WASHINGTON — After being fired by the Washington Community School District for sharing a sexually explicit video to a group of middle school students, former custodian Cary Wagler attempted to appeal for unemployment insurance benefits from the school district. At a hearing on Aug. 23, an administrative law judge determined that the Washington Community School District did not owe Wagler benefits.
Wagler had been denied benefits due to being disqualified for “misconduct in connection with [his] employment,” as stated in the decision released by the Iowa Workforce Development Unemployment Insurance Appeals Bureau.
According to the document, Wagler was a full-time custodian at the Washington Middle School, where he was employed from Aug. 2017 to May 2019. Wagler was terminated from his position for sharing a video of a woman engaging in “simulated fellatio” on a hot dog. Wagler showed the video to “a pair of girls and to a group of boys,” in the school’s cafeteria, and subsequently asked the girls “Can you do that?” In addition to the students who were shown the video, several students in the vicinity became aware of Wagler’s actions.
The middle school’s principal, Curt Mayer, was alerted to the incident after a female student told her mother about what had transpired with Wagler. Wagler was placed on administrative leave on April 25 as the incident was reviewed. An investigation into the incident included written statements provided by eight students who were directly shown the video by Wagler or were in the vicinity as the incident transpired.
The decision states that the students “were sufficiently consistent to establish that Mr. Wagler had indeed shared the video” and “that each affective student readily interpreted the video as sexual suggestive.”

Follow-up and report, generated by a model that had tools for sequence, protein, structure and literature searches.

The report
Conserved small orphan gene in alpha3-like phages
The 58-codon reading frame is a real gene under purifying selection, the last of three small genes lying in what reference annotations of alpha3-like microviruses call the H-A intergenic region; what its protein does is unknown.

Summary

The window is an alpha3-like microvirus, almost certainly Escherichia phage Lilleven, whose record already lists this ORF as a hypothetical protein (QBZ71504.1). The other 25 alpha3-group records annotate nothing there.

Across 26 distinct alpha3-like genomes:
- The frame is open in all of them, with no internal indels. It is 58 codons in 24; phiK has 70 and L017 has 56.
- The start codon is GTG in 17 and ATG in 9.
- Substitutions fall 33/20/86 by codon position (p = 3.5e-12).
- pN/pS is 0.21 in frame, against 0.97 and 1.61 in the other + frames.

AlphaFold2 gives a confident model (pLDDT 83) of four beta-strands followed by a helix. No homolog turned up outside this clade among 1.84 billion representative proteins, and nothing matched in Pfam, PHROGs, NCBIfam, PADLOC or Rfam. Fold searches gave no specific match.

Wagler also admitted to having shown the video and was able to provide the source of the video, as well as “conceded that he may have made the ‘Can you do that?’ comment.” Following the investigation, Wagler’s employment was terminated on May 6.
The decision provided by the administrative law judge dictates that Wagler “was discharged for misconduct in connection with the employment. Mr. Wagler demonstrated a willful and wanton disregard for the employer’s interest by sharing a sexually suggestive video with several middle school students,” which disqualifies him for benefits in accordance with Iowa Code section 96.5(2) a. In accordance with the code, Wagler’s disqualification will continue until he has “worked in and has been paid wages for insured work equal to ten times” his weekly benefit amount.
Washington Community School District Superintendent Willie Stone said the district “had no comment” on the issue.
“We followed procedure. It was a personnel issue,” Stone concluded.